On Sept. 6, the Indians made a move that would reap dividends for them in the short term for that season and pay off in the long run as well.
The Indians signed a 21-year-old shortstop from New Orleans named Joe Sewell. He would soon be their starting shortstop.
In the wake of Ray Chapman’s death, manager Tris Speaker had turned to Harry Lunte, who had been signed the year before as little more than a bench player to give Chappie a day off. Lunte was an adequate fielder, but he couldn’t break .200 at the plate and was nowhere near the leader that Chapman was in the clubhouse. On Labor Day, Lunte had to be helped off the field with a leg injury during the first game of a doubleheader. He never played in the majors again. Joe Evans, who had six games under his belt as a major league infielder, was pressed into service in the second game of the twin bill, but a better solution was needed.
As Chapman had been considering retirement after the 1920 season, owner Jim Dunn and Speaker were actively looking for a replacement for him, and had their eye on Sewell, who was playing in New Orleans, where the Indians held spring training. A scout was dispatched to watch Sewell play in September 1920, to see if he would be worth calling up.
Sewell was born in 1898 in Titus, Alabama. When he went to college, he would tell people that the population of Titus was 76, “62 of whom are Sewells.” His father was the doctor there, and Joe would follow him on his rounds, with the idea of following in his footsteps.
Sewell played football and baseball. The Crimson Tide baseball team went 13-4 in 1918, 16-2 in 1919 and 14-1 in 1920, winning the Southern Intercollegiate Athletic Association title each year. The 1918 team is notable for having five future major league players, with Lena Stiles, Riggs Stephenson, Dan Boone and Francis Pratt in addition to Sewell. Sewell’s brother Luke, also an aspiring physician, would join the team in 1919, playing catcher.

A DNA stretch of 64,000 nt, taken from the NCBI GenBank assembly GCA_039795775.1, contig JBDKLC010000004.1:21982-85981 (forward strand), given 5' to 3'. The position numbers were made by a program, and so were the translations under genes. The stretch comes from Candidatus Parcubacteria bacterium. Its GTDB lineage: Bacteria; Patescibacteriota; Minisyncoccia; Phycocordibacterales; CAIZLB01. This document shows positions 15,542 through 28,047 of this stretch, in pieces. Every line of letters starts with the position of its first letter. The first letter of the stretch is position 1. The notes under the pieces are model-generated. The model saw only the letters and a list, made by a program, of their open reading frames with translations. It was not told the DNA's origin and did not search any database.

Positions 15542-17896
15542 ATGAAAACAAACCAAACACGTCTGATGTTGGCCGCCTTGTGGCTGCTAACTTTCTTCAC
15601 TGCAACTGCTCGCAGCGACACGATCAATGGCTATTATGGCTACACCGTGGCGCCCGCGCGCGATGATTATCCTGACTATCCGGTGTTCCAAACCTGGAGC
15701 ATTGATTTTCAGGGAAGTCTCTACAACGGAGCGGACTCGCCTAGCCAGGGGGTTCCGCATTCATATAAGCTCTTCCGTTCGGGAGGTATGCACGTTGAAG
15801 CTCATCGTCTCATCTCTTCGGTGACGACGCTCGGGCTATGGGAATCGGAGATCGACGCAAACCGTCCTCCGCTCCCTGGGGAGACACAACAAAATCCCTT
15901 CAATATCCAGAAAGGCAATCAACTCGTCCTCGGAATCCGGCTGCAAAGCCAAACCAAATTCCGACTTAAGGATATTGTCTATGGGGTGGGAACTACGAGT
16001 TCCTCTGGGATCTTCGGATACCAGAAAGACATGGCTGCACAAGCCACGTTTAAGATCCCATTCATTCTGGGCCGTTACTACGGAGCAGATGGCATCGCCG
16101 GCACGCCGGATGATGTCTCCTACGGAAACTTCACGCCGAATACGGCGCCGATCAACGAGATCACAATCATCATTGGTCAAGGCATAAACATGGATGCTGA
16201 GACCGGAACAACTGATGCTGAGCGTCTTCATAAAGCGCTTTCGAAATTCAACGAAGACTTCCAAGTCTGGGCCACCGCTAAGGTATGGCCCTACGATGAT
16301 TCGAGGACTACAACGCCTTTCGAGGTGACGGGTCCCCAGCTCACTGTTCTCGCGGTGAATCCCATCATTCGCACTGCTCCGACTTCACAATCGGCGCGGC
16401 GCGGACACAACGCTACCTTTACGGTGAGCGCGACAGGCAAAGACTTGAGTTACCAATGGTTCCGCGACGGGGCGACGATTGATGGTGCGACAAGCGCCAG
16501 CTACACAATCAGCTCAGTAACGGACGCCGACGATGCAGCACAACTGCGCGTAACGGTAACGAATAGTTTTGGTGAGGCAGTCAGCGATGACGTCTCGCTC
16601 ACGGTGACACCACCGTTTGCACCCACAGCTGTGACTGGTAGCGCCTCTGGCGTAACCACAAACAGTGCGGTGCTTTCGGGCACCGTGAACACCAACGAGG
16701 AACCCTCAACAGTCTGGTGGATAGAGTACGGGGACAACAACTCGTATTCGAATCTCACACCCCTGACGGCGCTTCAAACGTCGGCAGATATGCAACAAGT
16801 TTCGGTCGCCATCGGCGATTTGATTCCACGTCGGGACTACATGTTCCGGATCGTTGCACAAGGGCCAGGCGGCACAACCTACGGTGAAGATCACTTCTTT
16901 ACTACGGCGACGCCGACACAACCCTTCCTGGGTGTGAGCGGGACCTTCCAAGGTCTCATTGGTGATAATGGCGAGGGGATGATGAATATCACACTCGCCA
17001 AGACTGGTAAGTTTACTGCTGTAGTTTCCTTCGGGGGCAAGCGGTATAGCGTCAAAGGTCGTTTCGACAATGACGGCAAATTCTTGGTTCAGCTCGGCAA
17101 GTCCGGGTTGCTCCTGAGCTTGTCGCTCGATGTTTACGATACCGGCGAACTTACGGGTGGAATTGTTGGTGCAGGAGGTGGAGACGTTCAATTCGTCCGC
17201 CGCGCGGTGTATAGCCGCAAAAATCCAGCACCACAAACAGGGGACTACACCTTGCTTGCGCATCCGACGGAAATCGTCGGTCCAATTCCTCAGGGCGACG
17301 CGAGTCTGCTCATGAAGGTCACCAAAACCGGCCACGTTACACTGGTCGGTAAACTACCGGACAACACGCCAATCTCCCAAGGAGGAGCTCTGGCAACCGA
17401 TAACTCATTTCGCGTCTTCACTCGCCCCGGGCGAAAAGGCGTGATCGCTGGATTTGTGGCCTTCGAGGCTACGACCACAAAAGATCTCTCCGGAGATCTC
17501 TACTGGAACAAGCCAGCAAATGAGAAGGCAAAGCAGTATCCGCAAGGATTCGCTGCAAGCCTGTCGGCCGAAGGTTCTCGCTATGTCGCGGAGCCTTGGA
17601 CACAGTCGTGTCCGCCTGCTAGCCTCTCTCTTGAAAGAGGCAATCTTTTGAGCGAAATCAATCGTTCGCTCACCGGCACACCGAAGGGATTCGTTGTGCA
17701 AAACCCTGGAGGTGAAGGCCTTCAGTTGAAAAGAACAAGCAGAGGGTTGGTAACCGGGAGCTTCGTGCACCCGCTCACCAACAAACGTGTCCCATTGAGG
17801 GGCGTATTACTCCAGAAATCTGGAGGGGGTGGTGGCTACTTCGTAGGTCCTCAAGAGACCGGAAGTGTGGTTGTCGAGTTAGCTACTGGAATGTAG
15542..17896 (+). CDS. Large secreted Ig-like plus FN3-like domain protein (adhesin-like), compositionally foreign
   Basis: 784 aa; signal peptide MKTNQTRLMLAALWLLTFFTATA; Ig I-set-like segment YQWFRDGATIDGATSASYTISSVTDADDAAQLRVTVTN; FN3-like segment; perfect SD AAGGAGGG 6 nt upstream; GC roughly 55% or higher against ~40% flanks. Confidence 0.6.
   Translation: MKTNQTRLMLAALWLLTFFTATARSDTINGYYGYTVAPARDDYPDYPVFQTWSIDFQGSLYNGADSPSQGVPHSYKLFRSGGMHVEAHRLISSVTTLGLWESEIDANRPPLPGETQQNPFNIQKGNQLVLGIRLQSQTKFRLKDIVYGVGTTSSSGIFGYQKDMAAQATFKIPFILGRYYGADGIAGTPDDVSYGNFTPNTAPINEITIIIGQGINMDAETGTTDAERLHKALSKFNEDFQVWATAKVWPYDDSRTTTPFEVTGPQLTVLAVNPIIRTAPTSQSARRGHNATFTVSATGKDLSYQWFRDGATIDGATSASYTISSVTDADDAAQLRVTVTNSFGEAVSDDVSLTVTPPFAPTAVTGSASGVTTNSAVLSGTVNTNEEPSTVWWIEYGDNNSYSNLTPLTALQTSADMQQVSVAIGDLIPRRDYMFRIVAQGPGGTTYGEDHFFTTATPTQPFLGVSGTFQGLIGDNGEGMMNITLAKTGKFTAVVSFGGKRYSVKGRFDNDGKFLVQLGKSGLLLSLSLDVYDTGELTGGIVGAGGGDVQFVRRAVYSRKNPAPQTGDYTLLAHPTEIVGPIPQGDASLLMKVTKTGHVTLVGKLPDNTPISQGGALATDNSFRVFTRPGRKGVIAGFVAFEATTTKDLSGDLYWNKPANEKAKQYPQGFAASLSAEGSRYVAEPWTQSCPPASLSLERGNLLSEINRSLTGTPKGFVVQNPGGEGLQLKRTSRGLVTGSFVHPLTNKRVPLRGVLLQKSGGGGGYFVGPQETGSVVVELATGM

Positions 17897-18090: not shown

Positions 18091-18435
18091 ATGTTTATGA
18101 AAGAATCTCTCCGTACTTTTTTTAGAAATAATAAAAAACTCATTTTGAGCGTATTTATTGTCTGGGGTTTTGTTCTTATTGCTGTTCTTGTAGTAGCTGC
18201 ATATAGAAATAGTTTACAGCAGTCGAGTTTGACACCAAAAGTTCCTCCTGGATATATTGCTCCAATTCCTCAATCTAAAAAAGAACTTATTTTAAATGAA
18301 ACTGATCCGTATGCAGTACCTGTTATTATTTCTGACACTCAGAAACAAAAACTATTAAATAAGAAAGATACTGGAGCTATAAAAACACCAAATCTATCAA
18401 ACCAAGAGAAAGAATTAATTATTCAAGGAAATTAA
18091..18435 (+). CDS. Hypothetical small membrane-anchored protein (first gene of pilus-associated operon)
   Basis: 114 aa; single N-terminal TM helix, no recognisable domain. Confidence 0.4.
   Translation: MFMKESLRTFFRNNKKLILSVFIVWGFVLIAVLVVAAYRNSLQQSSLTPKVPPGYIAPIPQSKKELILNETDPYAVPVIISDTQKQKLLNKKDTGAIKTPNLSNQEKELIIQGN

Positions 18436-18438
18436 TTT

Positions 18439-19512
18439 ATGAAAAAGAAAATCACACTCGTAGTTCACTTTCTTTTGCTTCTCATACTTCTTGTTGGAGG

The Sewells, along with Stephenson, played on a semi-pro team in the Tennessee Coal and Iron League. Their manager recommended them to a scout, and the three were signed by the Indians. Joe Sewell graduated from the University of Alabama in 1920, and was sent by the Indians to New Orleans.
The Indians were hoping to bring Sewell to spring training in 1921, but Chapman’s death and Lunte’s injury changed their plans, putting Pelicans owner Jules Heinemann in a predicament. New Orleans was fighting for a playoff spot, but Heinemann couldn’t turn down the Indians’ request. He had a good relationship with owner Jim Dunn, and had received financial help from Dunn’s predecessor, Charles Somers.
Sewell, however, could, saying, “I don’t want to go to Cleveland. I’m not good enough for the big leagues.” He had to be talked into playing in the major leagues by his manager and teammates, and then hopped a train to Cleveland, stopping during a layover in Cincinnati to buy a new suit.
He got to Cleveland on Sept. 9 as the Indians were preparing to play the Yankees. Cleveland held a one-game lead over the White Sox, with the Yankees only half a game behind. Speaker told Sewell he wouldn’t be playing that day. He watched the game, a 10-4 Indians win, and continued to sink deeper into his insecurity. He didn’t start the next day, Sept. 10, either, but came on in the fifth inning as a pinch hitter. He tapped a foul pop, which was pulled down for the third out of the inning.
Taking the field in the sixth, Sewell fielded the first ball he saw and threw it into the stands for an error, and then grounded out in his second at-bat of the game as the Indians lost 6-1. The Cleveland News said, “After watching Sewell and Evans at short, we can only pray that Harry Lunte will recover rapidly.”
Evans played shortstop on Saturday, Sept. 11, and Sewell started at short the next day, batting seventh. While in the clubhouse before the game, George Burns gave Sewell a black bat for him to use, “Black Betsy.”
Sewell fielded a popup cleanly in the first inning, but made a throwing error in the second. He came to bat in the second inning, and worked the count to 3-and-1 before slapping the ball into the left field line for an RBI triple. Sewell took it all in from third base and said to himself, “Shoot, this isn’t so tough.”
A hall of fame career had begun.